Kent Police rejects lost property 'because of budget cuts'

Lost and found generic Image copyright Thinkstock
Image caption Members of the public will have to turn to social media to reunite items with rightful owners

Kent Police is to stop dealing with lost property, blaming cuts to police funding and staff numbers, and has told people to use social media instead.

From June, the force will only accept items believed to be associated with crime, such as guns and knives.

The public have been told to use social media to reunite items with owners as it will not be a police matter anymore.

Police commissioner Ann Barnes said the force could no longer do all the things it had traditionally done.

She stressed it was an operational decision made by the chief constable and there was no legal obligation for the force to deal with lost property.

"It takes an awful lot of time and effort for the force to take it in, log it, store it, look after it," she said.

Image caption Ann Barnes said it took a lot of time and effort for the force to deal with lost property issues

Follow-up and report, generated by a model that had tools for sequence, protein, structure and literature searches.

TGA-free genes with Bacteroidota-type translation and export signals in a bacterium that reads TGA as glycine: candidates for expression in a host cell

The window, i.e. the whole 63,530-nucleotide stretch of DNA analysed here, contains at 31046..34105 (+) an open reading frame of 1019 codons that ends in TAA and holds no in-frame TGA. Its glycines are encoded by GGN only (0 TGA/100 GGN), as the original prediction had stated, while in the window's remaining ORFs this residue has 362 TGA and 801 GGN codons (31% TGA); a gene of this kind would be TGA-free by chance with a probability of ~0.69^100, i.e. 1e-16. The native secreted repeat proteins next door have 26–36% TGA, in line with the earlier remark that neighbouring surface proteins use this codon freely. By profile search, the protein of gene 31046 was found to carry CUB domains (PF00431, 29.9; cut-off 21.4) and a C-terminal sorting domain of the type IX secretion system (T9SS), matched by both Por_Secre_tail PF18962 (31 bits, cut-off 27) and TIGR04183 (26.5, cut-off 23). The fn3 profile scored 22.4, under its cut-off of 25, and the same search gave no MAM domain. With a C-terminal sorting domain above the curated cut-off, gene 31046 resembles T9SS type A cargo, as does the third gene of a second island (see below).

Ian Pointon, from the Kent Police Federation, said it could be the first of many other services to be axed.

"We cannot continue to do everything we have done with the number of resources that we're going to have.

"This is just a very small tip of a much bigger iceberg of things that the police are going to have to stop doing," he told BBC Radio Kent.

But Rupert Turpin, a Medway councillor and member of the Kent and Medway Police and Crime Panel, said the panel was not informed about the change in policy and it had provoked a lot of concern.

"I would have hoped very much that it would come under some sort of scrutiny and consultation before such a step was taken," he said.

But Ms Barnes said the panel's role was not to comment on operational decisions of the chief constable but to "review decisions that I make".

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